Here’s another great set of posts that explore and unpack some of the dimensions of writing with respect. Like the first 10 I shared with you here, they don’t talk directly about respect, but get you thinking about respect for:
The power of your own writing (and publishing) voice
As a citizen publisher, this is what I seek to do online and off in my writing-whether writing a lesson plan, posting a blog, or engaging in dialogue with like minded learners, I know that my voice matters.
Your critical faculties as a blog reader and internet consumer
At the Parting Place the Charlatans traded brightly colored boxes of air for currency from every nation. The followers oohed and aahed about their purchase and declared it as The Answer. Everyone believed because how could so many people be wrong. The Charlatans made boxes of every size and even gave away free bonuses and as word spread the valley filled with people eager to buy air.
Karen Swim looks into the future of life on the internet: will we follow blindly or learn to trust our own critical faculties? Find out what happens at Truth or Madness Monday at Words for Hire
The language you chose to use
“A vocabulary of truth and simplicity will be of service throughout your life.” – Winston Churchill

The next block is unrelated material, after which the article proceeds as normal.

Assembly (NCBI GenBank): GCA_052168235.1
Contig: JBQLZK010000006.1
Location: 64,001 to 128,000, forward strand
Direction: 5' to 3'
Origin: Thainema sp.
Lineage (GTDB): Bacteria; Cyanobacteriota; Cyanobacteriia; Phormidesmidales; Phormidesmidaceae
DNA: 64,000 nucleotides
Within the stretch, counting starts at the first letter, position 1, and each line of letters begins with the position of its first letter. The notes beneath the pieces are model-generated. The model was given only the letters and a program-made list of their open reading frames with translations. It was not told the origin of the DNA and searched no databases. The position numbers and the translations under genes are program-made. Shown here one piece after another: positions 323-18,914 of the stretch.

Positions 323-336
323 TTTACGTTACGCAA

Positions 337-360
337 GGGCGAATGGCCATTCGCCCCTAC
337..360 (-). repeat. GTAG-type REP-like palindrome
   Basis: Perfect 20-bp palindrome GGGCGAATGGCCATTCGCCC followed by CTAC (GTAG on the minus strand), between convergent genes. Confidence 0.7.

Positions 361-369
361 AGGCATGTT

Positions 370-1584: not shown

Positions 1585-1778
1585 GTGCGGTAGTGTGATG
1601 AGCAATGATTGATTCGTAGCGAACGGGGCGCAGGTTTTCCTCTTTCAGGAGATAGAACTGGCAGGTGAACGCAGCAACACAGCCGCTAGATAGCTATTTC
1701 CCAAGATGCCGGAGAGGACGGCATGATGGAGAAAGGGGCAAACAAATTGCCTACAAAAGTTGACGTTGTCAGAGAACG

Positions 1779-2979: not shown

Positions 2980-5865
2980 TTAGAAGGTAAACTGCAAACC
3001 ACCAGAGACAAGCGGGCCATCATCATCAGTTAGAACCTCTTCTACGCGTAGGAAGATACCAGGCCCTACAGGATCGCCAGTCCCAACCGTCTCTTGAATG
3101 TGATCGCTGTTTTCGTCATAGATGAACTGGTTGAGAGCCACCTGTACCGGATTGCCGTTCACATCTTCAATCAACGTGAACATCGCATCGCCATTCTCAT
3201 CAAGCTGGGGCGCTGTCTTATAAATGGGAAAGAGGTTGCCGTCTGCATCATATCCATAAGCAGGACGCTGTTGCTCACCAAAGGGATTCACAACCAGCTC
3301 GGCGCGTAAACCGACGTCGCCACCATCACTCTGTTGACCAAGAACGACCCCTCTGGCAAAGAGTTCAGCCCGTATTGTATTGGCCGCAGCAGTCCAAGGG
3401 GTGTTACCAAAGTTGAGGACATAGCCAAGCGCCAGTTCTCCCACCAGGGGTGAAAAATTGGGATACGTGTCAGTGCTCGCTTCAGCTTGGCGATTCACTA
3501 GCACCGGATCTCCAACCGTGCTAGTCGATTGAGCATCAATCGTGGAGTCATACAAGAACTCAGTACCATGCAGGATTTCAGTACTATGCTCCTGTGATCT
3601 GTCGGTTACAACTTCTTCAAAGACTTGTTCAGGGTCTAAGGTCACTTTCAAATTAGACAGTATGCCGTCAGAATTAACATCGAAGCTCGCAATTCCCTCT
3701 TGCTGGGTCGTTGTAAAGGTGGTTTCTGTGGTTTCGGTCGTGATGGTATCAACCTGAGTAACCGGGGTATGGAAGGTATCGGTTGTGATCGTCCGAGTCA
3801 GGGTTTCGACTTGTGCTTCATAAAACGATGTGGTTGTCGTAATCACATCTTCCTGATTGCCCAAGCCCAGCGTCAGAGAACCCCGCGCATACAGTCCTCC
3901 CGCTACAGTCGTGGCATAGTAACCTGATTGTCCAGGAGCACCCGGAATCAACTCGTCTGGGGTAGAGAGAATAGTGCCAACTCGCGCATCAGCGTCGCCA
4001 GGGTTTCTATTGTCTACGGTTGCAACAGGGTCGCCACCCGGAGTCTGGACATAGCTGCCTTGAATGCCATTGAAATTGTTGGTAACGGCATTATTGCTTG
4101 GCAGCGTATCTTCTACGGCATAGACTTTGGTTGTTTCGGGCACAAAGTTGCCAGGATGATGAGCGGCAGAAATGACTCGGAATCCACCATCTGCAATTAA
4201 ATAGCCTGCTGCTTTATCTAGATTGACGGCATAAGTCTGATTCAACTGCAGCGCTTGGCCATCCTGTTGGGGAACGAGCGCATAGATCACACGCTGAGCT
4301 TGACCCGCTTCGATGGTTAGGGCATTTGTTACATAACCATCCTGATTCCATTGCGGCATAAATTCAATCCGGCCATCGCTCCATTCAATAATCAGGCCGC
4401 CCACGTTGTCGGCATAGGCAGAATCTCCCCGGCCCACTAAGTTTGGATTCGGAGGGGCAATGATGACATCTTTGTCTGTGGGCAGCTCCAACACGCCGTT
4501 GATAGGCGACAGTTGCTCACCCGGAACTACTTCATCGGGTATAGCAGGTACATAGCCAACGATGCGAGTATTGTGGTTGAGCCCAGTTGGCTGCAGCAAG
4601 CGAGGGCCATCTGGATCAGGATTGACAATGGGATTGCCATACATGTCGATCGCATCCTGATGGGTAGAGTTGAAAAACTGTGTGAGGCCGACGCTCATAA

Sara gets you thinking about your vocabulary and the bigger picture on Simple Sunday at On Simplicity
Your choice of words to make all your readers feel welcome, and included
Exclusive language sets up a hierarchy, that lifts a speaker or writer above others. While higher social status leads to health for some, on the other side, folks who feel stressed by exclusion frequently experience high rates of cardiovascular and depression/anxiety-like syndromes.
Check out some practical tips from Robyn McMaster on how to use language to break down barriers and include all your readers – with a fascinating follow-on conversation in the comment box
Write Inclusively To Welcome All from Robyn McMaster at Brain Based Biz
People on the other side of your social media ‘conversations’
Have you ever known someone who had an almost uncanny ability to insert themselves into every verbal transaction? I once worked with a woman like that. She even managed to make the introduction of a guest speaker all about herself, going into detail–irrelevant detail–about some vague connection she had with the speaker.
Conversations take natural turns and wander away from the topic at hand; that’s normal ebb and flow. Taking over someone else’s comment thread, however, or purposely diverting it in another direction, amounts to hijacking.
I hope you enjoy exploring these thought provoking posts.